With SEO, the marketer is your web site’s data, and the audience is the search engine’s algorithmic “spider” that crawls all the indexed pages on the World Wide Web. The spider is looking for relevant information that will satisfy a search query. It similar to how someone looking to buy life insurance is more likely to open up an effective direct mail piece from an insurance company, then sort through the contents looking for relevant information that satisfies their definition of a good offer.

Successful SEO is not a “one-and-done” process of optimizing your site with keywords and indexing the pages with a search engine. Just like a marketing campaign, there are several elements to an SEO campaign that work together for maximum effectiveness.

  • Keyword Management = Strategy Development: Discovering, analyzing, grouping and organizing large numbers of frequently searched keywords that are highly relevant to the content in your web site. This forms the basis of your web site copy and impacts design of the site.
  • Keyword Action = Creative Development: Authoring the website copy around your strategic keyword selection is literally crafting the message, making your web site relevant to the search query, and more attractive to the spider.
  • Keyword Indexing = Media Planning: Keyword indexing, or “page-tagging”, most closely resembles the art of making your marketing most visible to your audience in the most efficient way possible. Spiders crawl through your page tag first, and begin assigning value to the overall content based on what it is instructed to read. Indexing helps the search engine select your site by making your site’s relevant content more visible in the right place at the right time.
  • Website Aging = Campaign Evolution: Over-saturation of the same execution can lower effectiveness of any marketing no matter if it is an email, direct mail package or an online banner ad. Same thing goes for the content of your web site. Small changes to the content and re-indexing the updated pages at regular intervals keeps the spider interested because it detects something new and interesting.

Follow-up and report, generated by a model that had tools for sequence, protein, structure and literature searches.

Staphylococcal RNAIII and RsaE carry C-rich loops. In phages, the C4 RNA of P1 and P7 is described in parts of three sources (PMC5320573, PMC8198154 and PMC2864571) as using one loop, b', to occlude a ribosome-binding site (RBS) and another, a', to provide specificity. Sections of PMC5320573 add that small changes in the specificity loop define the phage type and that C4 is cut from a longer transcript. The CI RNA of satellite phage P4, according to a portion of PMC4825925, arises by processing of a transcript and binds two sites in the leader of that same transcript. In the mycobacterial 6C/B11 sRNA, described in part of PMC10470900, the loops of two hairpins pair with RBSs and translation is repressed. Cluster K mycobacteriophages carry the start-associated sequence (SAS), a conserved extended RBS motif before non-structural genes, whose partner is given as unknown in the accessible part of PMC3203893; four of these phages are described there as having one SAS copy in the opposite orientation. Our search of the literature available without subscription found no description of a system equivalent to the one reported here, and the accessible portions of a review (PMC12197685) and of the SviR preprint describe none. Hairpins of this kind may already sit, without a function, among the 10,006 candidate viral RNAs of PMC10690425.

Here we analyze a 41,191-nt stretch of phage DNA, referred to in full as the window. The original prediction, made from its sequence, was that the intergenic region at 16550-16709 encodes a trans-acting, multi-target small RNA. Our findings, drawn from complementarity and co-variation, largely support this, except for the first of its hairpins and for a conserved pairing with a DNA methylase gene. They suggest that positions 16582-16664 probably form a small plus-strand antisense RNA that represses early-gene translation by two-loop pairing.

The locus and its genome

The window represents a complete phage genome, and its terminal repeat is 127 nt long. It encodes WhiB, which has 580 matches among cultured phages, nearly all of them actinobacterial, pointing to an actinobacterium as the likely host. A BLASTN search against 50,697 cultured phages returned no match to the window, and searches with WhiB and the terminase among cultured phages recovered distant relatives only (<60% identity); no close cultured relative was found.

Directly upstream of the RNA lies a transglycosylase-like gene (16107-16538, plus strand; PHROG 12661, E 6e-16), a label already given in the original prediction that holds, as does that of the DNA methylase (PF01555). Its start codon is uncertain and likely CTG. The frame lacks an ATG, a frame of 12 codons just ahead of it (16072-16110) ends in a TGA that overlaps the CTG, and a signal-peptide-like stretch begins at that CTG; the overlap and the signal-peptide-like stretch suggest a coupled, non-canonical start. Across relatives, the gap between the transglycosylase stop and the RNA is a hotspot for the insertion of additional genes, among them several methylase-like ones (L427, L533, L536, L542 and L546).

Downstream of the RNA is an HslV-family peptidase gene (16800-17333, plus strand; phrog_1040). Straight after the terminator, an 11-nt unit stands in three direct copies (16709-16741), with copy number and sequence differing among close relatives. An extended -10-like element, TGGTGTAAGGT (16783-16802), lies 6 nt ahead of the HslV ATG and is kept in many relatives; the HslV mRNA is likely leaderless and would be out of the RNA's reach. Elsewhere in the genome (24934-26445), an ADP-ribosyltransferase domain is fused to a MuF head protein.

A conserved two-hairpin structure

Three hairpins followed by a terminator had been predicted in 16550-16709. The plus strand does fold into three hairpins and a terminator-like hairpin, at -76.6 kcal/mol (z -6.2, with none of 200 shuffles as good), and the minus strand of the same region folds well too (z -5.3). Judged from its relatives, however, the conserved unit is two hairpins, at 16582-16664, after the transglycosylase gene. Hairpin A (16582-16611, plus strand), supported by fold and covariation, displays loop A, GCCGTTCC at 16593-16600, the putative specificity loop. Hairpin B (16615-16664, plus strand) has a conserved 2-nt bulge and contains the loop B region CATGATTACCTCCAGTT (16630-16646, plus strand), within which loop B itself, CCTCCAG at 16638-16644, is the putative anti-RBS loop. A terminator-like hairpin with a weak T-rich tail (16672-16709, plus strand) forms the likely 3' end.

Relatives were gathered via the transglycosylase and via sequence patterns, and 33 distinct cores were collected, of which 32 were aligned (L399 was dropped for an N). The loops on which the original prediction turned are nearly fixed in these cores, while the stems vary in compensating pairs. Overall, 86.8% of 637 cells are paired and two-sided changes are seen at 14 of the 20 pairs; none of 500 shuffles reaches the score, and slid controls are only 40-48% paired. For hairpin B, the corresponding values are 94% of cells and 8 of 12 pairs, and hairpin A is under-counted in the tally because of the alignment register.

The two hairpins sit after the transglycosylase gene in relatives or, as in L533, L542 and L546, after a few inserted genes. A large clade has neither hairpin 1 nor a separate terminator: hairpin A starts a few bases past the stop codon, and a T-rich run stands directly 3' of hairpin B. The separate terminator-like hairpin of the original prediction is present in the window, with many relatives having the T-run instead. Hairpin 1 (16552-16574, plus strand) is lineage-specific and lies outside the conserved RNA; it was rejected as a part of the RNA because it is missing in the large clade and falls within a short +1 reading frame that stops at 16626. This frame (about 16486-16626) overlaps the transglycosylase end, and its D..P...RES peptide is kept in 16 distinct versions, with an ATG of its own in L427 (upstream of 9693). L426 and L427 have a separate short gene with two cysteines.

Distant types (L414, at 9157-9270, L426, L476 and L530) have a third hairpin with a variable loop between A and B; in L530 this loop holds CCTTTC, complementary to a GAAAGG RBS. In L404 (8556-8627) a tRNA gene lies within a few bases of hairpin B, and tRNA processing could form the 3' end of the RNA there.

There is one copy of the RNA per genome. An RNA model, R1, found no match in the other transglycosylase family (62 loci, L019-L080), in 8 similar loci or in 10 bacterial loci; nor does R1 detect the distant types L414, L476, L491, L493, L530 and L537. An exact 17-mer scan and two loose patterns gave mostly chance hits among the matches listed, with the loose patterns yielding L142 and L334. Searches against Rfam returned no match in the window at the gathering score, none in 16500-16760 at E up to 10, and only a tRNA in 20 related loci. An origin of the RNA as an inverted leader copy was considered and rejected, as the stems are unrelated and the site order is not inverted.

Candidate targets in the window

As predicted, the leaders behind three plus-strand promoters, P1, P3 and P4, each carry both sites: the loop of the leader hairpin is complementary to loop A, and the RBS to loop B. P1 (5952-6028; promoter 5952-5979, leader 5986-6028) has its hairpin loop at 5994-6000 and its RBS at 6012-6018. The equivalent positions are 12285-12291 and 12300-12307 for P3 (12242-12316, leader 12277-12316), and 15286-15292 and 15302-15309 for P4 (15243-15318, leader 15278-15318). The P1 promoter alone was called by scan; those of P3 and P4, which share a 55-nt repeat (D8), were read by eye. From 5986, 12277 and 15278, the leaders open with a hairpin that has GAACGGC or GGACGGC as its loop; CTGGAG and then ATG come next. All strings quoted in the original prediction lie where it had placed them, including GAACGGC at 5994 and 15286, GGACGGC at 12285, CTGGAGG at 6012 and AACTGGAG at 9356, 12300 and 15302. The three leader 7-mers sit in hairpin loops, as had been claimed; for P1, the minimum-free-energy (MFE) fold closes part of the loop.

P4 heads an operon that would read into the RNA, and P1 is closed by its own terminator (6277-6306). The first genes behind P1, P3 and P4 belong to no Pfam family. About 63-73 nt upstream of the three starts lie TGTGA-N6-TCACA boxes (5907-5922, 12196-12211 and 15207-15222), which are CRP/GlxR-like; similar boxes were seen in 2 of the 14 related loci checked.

• Link-Baiting = Social Sharing: Establishing links back to your web site from other relevant web sites are the equivalent of someone “liking” your ad on Facebook or re-Tweeting your post. They are votes of confidence to a search engine spider and they raise your relevance score. A web site that sells football gear will be more popular to search engine spiders if there are links back to the site from espn.com or nfl.com, for example. Those sites are likely to have a lot of football-themed keywords and ultra-high relevancy scores for football-related searches.

Beware of unethical or “black hat” techniques offered by some SEOs, such as keyword stuffing and link-farming. Search engines will eventually bust you and dramatically lower your relevancy score, or ban your site altogether from the search index.

Organic SEO is a craft just like any other form of marketing. It requires research, development, creativity and execution. And it is most effective when the above techniques are employed together over time as a campaign.


Seismically Speaking

Mid-afternoon in the Midwest yesterday you could feel the earthquake, even if you didn't feel the earthquake.

From just south of Baltimore: Just experienced an earthquake at Walmart

From Westchester County, NY: Holy F*****g earthquake!!!!

From Columbus: whoa...did anyone else feel that?!? Ohio earthquake??

From way up on the north side of Chicago: did my desk just shake or am I imagining things?

From Brooklyn: a link to Loretta Swit singing "I Feel the Earth Move" on the Muppet Show, posted on YouTube

From Maryland: who felt the earthquake on the east coast of the USA? i did not. I was leaving my gym in Gaithersburg, Maryland. Did not feel a thing. It was 6.0 or something??

Back to Chicago: Holy s**t! My desk was shaking!

From North Carolina: Shakin' in Raleigh...how about you? Which earned responses of confirmed seismic activity in New Haven, CT, Boston, Northern Virginia, Jacksonville, NC, and Mount Vernon, NY. California reported stability, "tectonically speaking".

Sitting 16 floors up above a very busy Wacker Drive construction project in downtown Chicago, we didn't feel the earthquake. And if we did we probably confused it with a jackhammer. But we knew about the earthquake with the East Coast epicenter moments after it hit because people from the Atlantic Ocean to the Mississippi River started Facebooking about it.

All of the above Facebook postings were made in the span of less than two minutes. It's safe to say that they were most likely the first reactions these people had to just experiencing an earthquake--to immediately post something online about it. Almost 50% of the postings were made from a mobile device, which makes us wonder how many of these people were posting while evacuating a building. Each posting received an average of 4 responses (either comments, or likes). All in the span of less than two minutes.

Wouldn't it be amazing if your marketing could generate that kind of activity? It can.